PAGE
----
# What is this doing: “input >> 4 & 0x0F”?

I don't understand what this code is doing at all, could someone please explain it?

``````long input;  //just here to show the type, assume it has a value stored
unsigned int output( input >> 4 & 0x0F );
``````

Thanks

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bitshifts the input 4 bits to the right, then masks by the lower 4 bits.

Take this example 16 bit number: (the dots are just for visual separation)

``````1001.1111.1101.1001 >> 4 = 0000.1001.1111.1101

0000.1001.1111.1101 & 0x0F = 1101 (or 0000.0000.0000.1101 to be more explicit)
``````
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That is doing a bitwise right shift the contents of "input" by 4 bits, then doing a bitwise AND of the result with 0x0F (1101).

What it does depends on the contents and type of "input". Is it an int? A long? A string (which would mean the shift and bitwise AND are being done on a pointer to the first byte).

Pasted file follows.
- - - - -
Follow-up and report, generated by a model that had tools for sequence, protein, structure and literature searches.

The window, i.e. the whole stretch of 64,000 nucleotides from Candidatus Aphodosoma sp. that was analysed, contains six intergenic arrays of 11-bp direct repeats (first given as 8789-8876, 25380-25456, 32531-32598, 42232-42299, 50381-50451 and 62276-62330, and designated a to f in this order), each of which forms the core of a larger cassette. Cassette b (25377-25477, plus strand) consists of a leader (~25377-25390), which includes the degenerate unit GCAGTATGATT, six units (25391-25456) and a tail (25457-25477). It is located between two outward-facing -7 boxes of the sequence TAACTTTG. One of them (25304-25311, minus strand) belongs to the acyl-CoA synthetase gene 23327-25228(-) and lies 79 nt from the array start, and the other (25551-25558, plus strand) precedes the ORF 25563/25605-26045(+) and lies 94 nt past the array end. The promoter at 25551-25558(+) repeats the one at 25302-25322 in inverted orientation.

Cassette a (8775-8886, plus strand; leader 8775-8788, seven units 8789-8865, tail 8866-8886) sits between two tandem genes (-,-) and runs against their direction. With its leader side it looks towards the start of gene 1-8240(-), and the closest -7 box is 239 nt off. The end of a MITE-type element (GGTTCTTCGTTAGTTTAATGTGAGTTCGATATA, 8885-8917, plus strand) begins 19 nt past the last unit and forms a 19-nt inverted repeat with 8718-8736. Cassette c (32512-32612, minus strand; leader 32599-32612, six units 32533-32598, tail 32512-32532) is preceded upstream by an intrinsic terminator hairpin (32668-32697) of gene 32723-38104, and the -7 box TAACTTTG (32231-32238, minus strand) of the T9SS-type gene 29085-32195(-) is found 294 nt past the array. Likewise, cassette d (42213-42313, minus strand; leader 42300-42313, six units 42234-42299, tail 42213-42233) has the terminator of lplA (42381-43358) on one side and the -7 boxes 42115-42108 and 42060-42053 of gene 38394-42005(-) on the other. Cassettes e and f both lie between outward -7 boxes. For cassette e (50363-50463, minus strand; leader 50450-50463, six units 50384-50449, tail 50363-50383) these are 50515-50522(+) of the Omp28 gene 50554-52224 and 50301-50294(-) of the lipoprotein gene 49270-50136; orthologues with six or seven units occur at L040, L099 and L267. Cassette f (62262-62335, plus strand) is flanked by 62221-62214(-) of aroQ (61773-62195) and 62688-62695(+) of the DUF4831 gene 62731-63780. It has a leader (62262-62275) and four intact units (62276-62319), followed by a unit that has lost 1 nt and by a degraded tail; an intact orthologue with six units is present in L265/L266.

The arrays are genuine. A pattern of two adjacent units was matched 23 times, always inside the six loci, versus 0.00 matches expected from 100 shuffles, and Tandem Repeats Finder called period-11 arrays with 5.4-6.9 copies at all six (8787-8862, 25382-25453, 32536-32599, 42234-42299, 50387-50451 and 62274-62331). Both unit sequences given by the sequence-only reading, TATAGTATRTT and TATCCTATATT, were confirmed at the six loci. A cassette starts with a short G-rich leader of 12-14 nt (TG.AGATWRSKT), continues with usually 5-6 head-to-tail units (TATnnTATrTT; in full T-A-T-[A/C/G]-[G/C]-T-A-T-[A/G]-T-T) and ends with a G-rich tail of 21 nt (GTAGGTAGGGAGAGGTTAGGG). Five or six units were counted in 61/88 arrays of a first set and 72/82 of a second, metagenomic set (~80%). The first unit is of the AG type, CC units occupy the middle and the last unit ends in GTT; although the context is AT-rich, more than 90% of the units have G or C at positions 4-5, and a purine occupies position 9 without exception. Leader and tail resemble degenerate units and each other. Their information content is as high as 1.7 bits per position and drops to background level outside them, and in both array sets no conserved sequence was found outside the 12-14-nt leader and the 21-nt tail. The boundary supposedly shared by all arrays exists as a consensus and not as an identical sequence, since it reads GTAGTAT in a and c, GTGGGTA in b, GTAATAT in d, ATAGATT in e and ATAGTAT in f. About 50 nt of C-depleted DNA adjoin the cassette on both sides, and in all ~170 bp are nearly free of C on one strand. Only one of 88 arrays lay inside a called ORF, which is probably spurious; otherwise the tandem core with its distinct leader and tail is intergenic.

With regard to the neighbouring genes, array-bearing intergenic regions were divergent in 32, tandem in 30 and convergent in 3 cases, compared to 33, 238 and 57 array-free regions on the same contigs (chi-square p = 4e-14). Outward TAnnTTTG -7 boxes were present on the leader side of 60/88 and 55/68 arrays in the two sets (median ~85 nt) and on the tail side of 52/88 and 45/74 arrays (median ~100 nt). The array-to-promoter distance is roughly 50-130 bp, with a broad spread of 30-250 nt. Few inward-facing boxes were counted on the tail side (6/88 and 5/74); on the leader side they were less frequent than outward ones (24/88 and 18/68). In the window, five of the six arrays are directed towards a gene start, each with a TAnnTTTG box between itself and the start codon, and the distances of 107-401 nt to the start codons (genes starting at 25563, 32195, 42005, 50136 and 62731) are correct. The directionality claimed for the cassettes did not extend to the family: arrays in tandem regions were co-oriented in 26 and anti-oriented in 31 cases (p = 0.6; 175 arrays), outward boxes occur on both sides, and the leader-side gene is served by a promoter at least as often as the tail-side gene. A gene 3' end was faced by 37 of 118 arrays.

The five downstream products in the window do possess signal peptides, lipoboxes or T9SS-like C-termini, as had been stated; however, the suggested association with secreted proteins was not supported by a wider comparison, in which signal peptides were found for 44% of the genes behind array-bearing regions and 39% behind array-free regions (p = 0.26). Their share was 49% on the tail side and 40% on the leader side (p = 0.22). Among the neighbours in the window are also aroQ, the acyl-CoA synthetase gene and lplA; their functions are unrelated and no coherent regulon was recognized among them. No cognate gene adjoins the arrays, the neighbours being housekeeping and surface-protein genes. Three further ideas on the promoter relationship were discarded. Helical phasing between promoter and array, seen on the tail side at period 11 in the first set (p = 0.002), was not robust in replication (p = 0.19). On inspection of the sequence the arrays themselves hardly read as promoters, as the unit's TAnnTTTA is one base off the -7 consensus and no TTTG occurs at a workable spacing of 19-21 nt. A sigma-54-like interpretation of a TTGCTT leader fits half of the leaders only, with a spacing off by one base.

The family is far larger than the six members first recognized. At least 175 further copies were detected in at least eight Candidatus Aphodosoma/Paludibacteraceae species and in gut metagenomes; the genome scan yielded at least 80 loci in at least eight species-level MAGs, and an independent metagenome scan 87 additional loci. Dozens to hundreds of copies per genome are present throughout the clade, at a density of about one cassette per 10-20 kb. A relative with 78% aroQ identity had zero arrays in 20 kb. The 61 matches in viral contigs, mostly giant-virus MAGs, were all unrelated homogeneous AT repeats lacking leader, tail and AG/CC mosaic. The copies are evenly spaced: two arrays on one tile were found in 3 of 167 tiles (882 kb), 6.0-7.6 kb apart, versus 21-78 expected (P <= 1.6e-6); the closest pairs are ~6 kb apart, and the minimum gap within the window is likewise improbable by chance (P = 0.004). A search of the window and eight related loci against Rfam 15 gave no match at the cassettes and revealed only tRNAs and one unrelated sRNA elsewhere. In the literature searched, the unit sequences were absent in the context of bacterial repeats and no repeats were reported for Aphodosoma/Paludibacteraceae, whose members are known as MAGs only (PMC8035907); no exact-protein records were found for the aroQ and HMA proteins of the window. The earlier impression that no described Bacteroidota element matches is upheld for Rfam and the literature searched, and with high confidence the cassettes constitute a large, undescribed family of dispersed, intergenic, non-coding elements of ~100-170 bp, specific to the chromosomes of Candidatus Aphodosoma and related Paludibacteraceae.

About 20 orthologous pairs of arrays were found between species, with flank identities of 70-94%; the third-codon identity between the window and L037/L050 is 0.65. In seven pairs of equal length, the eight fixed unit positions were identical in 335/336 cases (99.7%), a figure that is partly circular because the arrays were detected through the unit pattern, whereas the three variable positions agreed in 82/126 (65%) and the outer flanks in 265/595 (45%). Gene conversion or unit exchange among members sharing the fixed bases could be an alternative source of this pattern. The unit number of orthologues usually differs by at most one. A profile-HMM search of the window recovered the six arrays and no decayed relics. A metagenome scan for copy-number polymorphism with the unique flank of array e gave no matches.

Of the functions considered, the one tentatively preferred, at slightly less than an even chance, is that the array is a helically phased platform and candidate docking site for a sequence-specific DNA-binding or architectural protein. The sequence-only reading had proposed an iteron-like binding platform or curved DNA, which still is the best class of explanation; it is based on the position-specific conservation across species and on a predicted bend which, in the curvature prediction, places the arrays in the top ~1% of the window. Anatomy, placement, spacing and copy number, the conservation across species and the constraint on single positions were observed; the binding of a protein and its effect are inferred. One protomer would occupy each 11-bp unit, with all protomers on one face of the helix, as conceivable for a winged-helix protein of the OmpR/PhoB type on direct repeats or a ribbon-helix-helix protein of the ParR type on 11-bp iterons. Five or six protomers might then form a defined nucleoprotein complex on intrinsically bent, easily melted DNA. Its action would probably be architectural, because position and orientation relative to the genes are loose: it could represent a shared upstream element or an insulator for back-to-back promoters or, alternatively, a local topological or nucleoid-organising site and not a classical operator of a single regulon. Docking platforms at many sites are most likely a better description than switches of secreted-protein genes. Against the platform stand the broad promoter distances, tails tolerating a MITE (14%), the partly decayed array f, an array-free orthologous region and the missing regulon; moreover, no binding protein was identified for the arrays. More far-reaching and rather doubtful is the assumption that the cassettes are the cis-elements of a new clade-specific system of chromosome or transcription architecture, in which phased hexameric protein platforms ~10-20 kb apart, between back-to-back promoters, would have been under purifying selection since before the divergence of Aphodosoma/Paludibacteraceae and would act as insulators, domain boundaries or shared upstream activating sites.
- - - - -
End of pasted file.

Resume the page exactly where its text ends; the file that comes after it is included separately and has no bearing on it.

Google for "c++ bitwise operations" for more details on what's going on under the hood. Additionally, look at C++ operator precedence because the C/C++ precedence is not exactly the same as in many other languages.

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Sorry, I should have specified the context. I've edited the code in the original post. –  PseudoPsyche Sep 20 '12 at 15:14

& is the bitwise AND operator. "& 0x0F" is sometimes done to pad the first 4 bits with 0s, or ignore the first(leftmost) 4 bits in a value.

0x0f = 00001111. So a bitwise & operation of 0x0f with any other bit pattern will retain only the rightmost 4 bits, clearing the left 4 bits.

If the input has a value of 01010001, after doing &0x0F, we'll get 00000001 - which is a pattern we get after clearing the left 4 bits.

Just as another example, this is a code I've used in a project:

Byte verflag = (Byte)(bIsAck & 0x0f) | ((version << 4) & 0xf0). Here I'm combining two values into a single Byte value to save space because it's being used in a packet header structure. bIsAck is a BOOL and version is a Byte whose value is very small. So both these values can be contained in a single Byte variable.

The first nibble in the resultant variable will contain the value of version and the second nibble will contain the value of bIsAck. I can retrieve the values into separate variables at the receiving by doing a 4 bits >> while taking the value of version.

Hope this is somewhere near to what you asked for.

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